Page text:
Are You at Risk for Psoriatic Arthritis?

More than skin deep.

If you are experiencing joint pain and swelling, especially if you have psoriasis (or a family history of psoriasis), you could have psoriatic arthritis (PsA). This type of inflammatory arthritis affects joints and tendons. Left untreated, PsA may lead to irreversible joint damage.

 
A woman's hands with blue nail polish holds onto a coffee mug.

Know the Signs

About 30 percent of people with psoriasis develop PsA, but the two diseases don’t necessarily follow in order. Not everyone with PsA develops psoriasis first. Some people with PsA never get psoriasis.

For people with psoriasis and/or a family history of psoriatic disease, the medical board of NPF recommends watching for the following symptoms:

  • Pain, swelling or stiffness in one or more joints
  • Joints that are red or warm to the touch
  • Frequent joint tenderness or stiffness
  • Sausage-like swelling in one or more of the fingers or toes
  • Pain in and around the feet and ankles
  • Changes to the nails, such as pitting or separation from the nail bed
  • Pain in the lower back, above the tailbone

If you experience one or more of these symptoms, contact your dermatologist or other health care provider. If you have psoriasis, it’s important that you get screened regularly for PsA.

PsA is typically diagnosed and treated by a rheumatologist – a doctor who specializes in the diagnosis and treatment of arthritis and other diseases of the joints, muscles and bones.

We have some tips for how to talk with your provider.

A couple sits on the couch looking at a laptop computer screen.

Get Screened

This short screening assessment may help your health care provider make a diagnosis.

Photo of a rheumalologist examining an x-ray with a patient.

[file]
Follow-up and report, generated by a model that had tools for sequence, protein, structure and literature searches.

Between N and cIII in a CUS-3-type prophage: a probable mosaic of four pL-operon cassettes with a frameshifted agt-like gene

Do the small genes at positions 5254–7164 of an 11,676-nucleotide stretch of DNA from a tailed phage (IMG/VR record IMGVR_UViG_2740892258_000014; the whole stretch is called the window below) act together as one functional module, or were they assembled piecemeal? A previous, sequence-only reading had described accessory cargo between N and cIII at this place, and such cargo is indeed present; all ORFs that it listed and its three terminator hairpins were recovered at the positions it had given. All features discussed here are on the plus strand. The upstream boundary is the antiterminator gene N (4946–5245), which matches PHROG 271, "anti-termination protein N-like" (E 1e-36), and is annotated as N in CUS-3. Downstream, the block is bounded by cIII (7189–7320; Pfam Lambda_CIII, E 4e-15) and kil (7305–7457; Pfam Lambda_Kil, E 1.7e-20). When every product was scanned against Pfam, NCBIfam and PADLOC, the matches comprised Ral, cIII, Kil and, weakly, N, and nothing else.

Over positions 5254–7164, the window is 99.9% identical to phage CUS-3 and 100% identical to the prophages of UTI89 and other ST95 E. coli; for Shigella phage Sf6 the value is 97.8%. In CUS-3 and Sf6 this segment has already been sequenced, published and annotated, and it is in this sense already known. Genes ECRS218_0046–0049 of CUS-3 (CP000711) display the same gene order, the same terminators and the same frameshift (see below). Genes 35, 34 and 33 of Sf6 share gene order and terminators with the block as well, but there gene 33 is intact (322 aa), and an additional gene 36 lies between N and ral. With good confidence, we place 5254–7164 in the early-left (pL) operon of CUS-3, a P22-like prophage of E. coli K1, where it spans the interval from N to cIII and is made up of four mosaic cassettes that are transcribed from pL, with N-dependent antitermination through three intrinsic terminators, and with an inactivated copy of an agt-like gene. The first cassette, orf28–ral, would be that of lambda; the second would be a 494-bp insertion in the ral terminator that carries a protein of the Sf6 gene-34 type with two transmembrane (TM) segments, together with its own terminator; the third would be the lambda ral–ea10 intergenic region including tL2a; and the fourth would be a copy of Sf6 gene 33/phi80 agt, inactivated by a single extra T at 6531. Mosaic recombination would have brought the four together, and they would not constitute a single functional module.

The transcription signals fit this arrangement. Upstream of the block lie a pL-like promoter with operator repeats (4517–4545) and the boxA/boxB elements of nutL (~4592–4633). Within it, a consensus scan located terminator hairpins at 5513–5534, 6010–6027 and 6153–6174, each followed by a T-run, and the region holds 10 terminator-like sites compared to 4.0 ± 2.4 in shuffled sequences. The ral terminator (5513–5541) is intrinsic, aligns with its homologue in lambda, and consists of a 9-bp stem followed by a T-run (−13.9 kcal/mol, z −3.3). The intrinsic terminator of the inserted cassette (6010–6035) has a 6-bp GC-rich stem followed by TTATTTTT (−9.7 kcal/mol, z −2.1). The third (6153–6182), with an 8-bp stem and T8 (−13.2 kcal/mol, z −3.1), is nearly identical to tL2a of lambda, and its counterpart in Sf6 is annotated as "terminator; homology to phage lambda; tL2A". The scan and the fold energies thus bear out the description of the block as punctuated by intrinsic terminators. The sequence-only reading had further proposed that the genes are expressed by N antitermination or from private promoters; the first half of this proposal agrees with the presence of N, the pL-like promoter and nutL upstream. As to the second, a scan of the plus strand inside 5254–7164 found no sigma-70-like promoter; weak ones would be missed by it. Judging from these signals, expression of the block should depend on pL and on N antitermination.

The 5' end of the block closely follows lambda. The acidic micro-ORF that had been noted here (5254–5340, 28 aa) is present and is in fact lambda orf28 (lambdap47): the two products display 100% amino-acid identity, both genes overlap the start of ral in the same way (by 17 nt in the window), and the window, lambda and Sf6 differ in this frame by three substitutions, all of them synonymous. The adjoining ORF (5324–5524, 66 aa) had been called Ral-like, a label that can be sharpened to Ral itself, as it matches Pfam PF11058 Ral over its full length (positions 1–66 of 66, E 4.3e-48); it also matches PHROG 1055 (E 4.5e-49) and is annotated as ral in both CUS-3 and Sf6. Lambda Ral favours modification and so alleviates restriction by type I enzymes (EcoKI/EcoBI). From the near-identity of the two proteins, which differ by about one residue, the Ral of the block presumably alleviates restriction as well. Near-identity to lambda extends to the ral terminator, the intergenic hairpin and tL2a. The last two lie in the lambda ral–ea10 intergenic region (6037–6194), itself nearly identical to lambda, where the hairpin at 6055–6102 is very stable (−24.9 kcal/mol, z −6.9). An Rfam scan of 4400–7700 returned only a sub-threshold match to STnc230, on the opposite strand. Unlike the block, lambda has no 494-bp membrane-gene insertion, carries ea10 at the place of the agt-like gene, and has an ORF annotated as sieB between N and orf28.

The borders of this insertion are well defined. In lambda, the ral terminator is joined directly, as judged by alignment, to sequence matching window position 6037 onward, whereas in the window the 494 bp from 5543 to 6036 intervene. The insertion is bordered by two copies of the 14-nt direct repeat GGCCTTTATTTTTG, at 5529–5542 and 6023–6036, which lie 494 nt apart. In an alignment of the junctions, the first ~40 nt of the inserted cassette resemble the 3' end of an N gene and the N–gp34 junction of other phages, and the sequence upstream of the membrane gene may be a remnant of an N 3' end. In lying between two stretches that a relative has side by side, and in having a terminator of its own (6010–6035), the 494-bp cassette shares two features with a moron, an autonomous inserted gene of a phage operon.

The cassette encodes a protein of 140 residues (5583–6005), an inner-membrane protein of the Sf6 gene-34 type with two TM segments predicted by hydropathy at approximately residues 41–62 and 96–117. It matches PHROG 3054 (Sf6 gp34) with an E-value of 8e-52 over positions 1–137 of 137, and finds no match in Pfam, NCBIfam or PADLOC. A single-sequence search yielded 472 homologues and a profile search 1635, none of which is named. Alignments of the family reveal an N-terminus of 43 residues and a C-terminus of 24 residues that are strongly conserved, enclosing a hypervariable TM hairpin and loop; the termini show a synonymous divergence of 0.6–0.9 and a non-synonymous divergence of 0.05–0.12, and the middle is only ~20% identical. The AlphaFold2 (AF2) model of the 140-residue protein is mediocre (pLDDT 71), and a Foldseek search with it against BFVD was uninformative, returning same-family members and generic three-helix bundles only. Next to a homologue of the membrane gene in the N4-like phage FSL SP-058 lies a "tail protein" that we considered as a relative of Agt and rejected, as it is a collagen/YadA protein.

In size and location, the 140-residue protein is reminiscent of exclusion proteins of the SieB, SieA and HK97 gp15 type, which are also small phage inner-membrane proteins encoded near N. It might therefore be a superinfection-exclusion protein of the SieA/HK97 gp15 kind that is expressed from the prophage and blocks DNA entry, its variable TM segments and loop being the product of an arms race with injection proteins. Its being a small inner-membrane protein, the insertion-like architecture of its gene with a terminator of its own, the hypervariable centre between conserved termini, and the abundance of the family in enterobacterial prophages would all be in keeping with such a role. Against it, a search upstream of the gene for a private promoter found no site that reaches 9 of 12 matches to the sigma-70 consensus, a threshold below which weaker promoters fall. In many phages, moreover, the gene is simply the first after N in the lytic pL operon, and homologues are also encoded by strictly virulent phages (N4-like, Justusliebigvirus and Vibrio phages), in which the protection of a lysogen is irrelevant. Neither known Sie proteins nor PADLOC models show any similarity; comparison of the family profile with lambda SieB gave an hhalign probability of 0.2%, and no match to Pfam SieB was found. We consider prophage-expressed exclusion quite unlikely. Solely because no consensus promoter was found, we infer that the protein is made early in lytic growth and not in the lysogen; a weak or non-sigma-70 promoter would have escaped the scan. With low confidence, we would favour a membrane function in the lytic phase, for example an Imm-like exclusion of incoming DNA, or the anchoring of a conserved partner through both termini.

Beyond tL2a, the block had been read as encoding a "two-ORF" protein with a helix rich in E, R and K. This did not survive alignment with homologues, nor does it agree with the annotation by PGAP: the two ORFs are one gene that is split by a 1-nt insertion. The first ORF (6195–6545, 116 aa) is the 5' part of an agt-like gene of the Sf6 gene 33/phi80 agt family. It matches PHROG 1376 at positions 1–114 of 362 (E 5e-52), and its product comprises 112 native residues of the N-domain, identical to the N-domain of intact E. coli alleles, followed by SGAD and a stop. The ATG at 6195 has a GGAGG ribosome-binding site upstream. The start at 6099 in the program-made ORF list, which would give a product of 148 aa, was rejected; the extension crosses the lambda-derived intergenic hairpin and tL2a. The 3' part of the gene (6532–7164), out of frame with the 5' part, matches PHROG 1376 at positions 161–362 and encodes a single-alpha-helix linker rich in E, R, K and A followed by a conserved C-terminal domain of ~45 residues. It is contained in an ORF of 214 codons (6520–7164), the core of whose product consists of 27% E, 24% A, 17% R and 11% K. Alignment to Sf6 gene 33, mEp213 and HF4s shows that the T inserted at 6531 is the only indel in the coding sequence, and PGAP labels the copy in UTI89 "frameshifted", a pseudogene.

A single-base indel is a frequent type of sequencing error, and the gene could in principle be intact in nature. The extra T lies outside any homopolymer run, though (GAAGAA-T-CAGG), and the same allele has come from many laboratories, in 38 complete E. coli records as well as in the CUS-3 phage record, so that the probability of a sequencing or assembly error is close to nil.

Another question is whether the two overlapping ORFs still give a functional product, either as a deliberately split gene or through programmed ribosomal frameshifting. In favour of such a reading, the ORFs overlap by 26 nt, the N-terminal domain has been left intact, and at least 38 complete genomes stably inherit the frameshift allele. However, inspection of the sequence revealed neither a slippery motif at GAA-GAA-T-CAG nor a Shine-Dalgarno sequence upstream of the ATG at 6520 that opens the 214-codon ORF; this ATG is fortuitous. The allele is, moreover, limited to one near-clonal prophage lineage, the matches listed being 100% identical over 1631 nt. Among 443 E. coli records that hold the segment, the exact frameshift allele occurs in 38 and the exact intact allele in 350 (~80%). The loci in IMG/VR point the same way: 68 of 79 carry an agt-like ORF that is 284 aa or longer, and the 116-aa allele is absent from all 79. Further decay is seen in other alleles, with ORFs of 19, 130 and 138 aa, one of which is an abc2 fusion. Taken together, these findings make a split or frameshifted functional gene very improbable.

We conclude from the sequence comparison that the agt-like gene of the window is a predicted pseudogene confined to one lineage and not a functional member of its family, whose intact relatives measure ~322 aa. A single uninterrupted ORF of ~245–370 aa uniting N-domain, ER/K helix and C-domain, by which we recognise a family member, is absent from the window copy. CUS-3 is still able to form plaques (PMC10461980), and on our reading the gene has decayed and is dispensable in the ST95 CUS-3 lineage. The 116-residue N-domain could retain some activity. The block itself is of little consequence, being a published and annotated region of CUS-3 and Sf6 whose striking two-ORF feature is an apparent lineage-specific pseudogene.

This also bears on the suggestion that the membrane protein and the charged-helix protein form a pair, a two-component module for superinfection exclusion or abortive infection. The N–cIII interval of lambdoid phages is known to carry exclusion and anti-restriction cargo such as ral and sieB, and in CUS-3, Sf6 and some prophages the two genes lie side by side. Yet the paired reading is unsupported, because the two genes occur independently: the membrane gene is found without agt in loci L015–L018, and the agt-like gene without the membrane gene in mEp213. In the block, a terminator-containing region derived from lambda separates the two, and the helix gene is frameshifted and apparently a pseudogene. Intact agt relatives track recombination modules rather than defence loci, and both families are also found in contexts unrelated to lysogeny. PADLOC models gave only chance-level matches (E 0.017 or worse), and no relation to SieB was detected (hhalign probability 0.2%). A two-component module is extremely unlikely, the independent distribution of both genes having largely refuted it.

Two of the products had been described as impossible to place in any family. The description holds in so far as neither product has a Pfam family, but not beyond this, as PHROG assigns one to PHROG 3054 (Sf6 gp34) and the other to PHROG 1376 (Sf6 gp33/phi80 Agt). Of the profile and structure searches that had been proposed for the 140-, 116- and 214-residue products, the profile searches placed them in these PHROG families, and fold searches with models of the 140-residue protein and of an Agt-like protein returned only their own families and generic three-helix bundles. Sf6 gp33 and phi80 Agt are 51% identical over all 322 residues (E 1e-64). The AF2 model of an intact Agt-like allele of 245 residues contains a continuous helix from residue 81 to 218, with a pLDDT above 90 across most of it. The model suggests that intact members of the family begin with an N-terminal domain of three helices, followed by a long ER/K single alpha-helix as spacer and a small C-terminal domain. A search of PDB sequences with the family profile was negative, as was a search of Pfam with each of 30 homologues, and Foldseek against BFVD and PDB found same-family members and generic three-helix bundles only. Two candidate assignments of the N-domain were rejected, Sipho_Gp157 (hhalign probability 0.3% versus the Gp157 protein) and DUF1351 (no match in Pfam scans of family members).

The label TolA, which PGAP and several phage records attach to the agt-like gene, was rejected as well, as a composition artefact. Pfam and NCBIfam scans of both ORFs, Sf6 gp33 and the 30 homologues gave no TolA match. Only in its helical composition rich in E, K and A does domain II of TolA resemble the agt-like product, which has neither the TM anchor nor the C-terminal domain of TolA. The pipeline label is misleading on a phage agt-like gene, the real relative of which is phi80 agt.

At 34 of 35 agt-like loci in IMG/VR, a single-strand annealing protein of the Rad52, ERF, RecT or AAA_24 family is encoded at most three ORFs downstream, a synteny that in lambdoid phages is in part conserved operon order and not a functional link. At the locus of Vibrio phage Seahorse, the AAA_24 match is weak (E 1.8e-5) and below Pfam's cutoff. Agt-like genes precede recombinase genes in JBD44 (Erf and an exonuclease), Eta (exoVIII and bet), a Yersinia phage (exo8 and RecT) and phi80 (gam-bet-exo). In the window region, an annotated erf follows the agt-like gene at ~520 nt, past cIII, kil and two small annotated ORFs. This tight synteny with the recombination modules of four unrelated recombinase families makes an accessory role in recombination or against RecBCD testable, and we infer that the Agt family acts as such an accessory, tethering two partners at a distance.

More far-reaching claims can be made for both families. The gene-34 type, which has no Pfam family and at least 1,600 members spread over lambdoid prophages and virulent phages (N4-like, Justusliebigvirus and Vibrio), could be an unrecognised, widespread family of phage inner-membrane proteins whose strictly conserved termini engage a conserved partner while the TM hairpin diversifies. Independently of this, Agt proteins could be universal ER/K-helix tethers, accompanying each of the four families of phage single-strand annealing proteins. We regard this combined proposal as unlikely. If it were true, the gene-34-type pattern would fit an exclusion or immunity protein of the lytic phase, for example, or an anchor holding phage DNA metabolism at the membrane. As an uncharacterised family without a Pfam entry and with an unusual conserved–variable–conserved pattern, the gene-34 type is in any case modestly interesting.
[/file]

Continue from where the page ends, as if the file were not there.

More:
Working with Your Doctor

Make the most of your next appointment with tips to help you communicate symptoms and discuss treatment options.

A medical diagnosis chart with psoriatic arthritis written on it.

Diagnosing PsA

What you need to know about a PsA diagnosis, plus what NPF is doing to deliver faster and more accurate PsA diagnoses.

Take Control of Your PsA

Learn how you can mitigate the effects of psoriatic arthritis through physical activity and keep tabs on your flares with our tracker.

Stay in the Know.

Expert tips, can’t-miss events and the latest news, straight to your inbox.

National Health Council Standards of ExcellenceCharity Navigator

Copyright © 1996-2020 National Psoriasis Foundation/USA


Duplication, rebroadcast, republication or other use of content appearing on this website is prohibited without written permission of the National Psoriasis Foundation (NPF).


NPF does not endorse or accept any responsibility for the content of external websites.


NPF does not endorse any specific treatments or medications for psoriasis and psoriatic arthritis.

We use cookies to offer you a better experience and analyze our site traffic. By continuing to use this website, you consent to the use of cookies in accordance with our Privacy Policy.